Category Archives: Gay

Book review: The Deviant’s War

The Boston Gay Men’s Book Club chose Eric Cervini’s 2020 book, The Deviant’s War: The Homosexual vs. The United States of America for this month’s read. It was my first time joining a book club, and I really enjoyed listening to people share their thoughts. The organizers surprised everyone by having the author (shown below) join the MeetUp to answer questions about the book which was really kind of amazing.

The Boston Gay Men’s Book Club meets virtually due to COVID-19 and as a result is really open to anyone interested in joining a book club that focuses on gay literature. You can learn more or sign up to join here.

This is a book about the beginnings of the gay movement here in the United States, but focuses on Franklin Edward Kameny, a World War II veteran and gifted astronomer turned reluctant, gay activist and litigator after he was entrapped by the S.F.P.D. in 1957 and charged with “lewd conduct”. The charge would result in Kameny losing his certification to work for the Department of Defense just as his promising career was starting. He would be barred from employment with the Federal Government and agencies that served our government just as the Cold War’s space race between the U.S. and U.S.S.R. started.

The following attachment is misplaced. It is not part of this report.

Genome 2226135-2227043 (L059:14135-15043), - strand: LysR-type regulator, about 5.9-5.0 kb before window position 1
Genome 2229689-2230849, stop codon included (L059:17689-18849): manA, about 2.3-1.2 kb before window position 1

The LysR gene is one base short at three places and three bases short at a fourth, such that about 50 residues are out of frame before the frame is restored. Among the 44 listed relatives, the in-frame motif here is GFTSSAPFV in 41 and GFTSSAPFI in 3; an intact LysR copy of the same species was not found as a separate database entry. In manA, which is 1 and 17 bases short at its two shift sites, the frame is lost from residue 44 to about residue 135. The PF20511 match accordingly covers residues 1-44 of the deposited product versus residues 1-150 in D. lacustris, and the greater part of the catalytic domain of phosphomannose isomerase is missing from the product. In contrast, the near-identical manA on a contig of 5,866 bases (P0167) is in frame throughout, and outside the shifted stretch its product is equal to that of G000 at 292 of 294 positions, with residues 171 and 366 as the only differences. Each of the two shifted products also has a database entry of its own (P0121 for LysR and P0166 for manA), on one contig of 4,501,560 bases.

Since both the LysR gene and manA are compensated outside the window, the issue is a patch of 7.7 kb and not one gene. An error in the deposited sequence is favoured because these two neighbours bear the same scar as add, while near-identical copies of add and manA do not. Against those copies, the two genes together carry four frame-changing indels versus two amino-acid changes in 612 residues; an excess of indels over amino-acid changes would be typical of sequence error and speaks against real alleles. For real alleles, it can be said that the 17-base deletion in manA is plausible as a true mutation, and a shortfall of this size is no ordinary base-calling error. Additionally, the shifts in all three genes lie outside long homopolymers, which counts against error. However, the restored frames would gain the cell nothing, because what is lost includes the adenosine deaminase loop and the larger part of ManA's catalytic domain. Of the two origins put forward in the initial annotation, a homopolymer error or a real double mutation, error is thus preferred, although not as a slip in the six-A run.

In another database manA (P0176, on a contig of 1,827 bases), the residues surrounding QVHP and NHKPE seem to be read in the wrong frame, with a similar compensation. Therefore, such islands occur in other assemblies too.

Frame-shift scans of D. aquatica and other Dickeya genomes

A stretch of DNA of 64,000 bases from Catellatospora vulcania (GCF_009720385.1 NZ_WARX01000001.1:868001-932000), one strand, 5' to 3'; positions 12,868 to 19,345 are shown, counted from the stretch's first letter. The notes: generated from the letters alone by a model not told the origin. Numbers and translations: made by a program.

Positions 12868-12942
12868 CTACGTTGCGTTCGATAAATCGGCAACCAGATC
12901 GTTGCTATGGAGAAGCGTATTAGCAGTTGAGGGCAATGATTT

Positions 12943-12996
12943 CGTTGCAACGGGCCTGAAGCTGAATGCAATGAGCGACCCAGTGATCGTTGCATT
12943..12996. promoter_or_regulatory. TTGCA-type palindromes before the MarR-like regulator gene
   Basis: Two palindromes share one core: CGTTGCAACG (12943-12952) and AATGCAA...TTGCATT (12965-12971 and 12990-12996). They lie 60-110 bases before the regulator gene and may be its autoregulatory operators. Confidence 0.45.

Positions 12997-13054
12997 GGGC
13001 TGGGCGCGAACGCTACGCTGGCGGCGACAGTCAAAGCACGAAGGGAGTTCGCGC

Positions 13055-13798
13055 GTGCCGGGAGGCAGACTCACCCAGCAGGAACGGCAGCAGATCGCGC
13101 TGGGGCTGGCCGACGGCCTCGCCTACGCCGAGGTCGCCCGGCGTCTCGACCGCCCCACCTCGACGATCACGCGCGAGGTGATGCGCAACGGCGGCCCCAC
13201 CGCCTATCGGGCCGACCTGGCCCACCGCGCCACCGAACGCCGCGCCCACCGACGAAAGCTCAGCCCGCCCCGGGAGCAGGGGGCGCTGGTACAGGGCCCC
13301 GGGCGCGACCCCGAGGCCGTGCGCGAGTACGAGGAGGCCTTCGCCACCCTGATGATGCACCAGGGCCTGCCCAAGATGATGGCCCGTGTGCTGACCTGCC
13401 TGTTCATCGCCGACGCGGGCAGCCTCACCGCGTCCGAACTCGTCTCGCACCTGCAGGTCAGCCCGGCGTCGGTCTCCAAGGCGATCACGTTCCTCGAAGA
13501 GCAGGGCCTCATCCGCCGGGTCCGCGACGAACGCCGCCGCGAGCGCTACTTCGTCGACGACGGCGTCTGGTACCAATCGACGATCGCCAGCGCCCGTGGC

After World War II, Homosexual arrests…occurred at the rate of one every ten minutes, each hour, each day for fifteen years. In sum one million citizens found themselves persecuted by the American state for sexual deviation.

Simply put, Cervini’s novel is a page turner. We learn early on that Kameny is a gifted intellectual. He learned to read by age four. By age six he decided he would be an astronomer and at the age of 16 enrolled in college. He would serve in the military during WWII and went to Harvard after the war in 1948 to begin his PhD in astronomy. However, the career he cherished and had so much to offer would be denied to him, because our government would label him a deviant.